The funny thing is that the reply I got from Microsoft started out with saying that they get this question a lot, so there obviously is a demand for it.

I would have to wait 3+ more years for the next Visual Studio release, to harvest the benefit of all my code summaries... '-(

I actually found this other bug trying to get this thing above to work, and at least that is getting some attention. So before you start playing with JString Intellisense in beta2, don't put your classes inside namespaces.

Tools I use for JavaScript and AJAX development

Below is a list of some of my most used features in various web developer tools. The tools can do so much more than I described here. Many of the features are somewhat hidden, so perhaps there’s a few things you might find useful too.

Feel free to share any of your favorite features in a JS and AJAX tool in the comment section below.

Microsoft’s Visual Studio.NET

The tool I use by far the most is Microsoft’s Visual Studio.NET 2005. Its script debugging features far surpasses anything I’ve seen in any other tool. The downside is that this only works for Internet Explorer. What I wouldn’t give for this to work with FireFox too.

The debugging experience is as good as the debugging in a .NET application. You get breakpoints, watches, object inspection and manipulation, step-into/over and so on.

This feature is somewhat hidden, because you need to go through a few hidden steps to enable it (this will change with VS2008).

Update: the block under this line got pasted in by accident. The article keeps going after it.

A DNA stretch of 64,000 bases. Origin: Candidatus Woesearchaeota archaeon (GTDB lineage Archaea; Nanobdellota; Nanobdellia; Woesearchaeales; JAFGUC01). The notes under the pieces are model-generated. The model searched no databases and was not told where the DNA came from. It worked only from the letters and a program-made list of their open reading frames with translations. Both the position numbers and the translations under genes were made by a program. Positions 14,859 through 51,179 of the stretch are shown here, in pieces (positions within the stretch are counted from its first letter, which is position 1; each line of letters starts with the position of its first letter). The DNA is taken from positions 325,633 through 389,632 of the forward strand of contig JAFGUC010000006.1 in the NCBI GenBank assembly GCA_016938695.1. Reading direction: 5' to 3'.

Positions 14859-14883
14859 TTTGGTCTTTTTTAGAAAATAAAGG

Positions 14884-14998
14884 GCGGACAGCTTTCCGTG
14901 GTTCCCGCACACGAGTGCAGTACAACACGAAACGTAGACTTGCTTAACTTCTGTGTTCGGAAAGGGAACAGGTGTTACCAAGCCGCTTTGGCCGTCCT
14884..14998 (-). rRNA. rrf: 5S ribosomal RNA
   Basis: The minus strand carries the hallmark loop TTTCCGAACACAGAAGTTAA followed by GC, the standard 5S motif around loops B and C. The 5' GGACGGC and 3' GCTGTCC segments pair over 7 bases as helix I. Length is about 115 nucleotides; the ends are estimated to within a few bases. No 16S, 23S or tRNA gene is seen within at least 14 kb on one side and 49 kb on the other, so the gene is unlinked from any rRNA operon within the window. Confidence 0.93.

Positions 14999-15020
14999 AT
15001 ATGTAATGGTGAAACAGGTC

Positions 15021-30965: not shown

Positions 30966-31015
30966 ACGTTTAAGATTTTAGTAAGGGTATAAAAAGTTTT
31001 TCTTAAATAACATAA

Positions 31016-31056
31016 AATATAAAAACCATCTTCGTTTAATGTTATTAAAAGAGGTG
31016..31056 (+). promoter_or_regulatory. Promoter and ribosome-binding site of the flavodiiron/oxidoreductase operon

First you need to enable script debugging in Internet Explorer. Go to internet options, and uncheck “Disable script debugging (Internet Explorer)”.

Then go to “View – Script Debugger – Open” and select a running instance of Visual Studio .NET.

In Visual Studio, go to “Debug – Windows – Script Explorer”. This will bring up the window with the loaded page and scripts. Double-click any of the files in the script explorer to open it and set breakpoints, create watches, inspect objects etc. Open the “Immediate window” to execute any JavaScript you enter. Note that these features only are available while you are at a breakpoint.

A little quirk compared to debugging a .NET application is that you can only hover the mouse on the root object, and not on its sub properties. The workaround is to select the object to get its value, as shown above. The good thing is that this even works on methods, so if you select an object, its method and the ending enclosing parentheses, the tooltip will show you the returned value from that method.

If you are developing a web application in VS.NET and run it in debug more, VS.NET will automatically attach to the browser process if you have enabled script debugging.

FireBug

My favorite tool for debugging JavaScript in FireFox is FireBug. It’s the Swiss army knife of web development in FF. One of the cool features that a colleague of mine brought to my attention was a neat little feature for tracking all events that happen on a selected DOM element. This is great for analyzing which events are available for listen for, see the order that events are fired etc.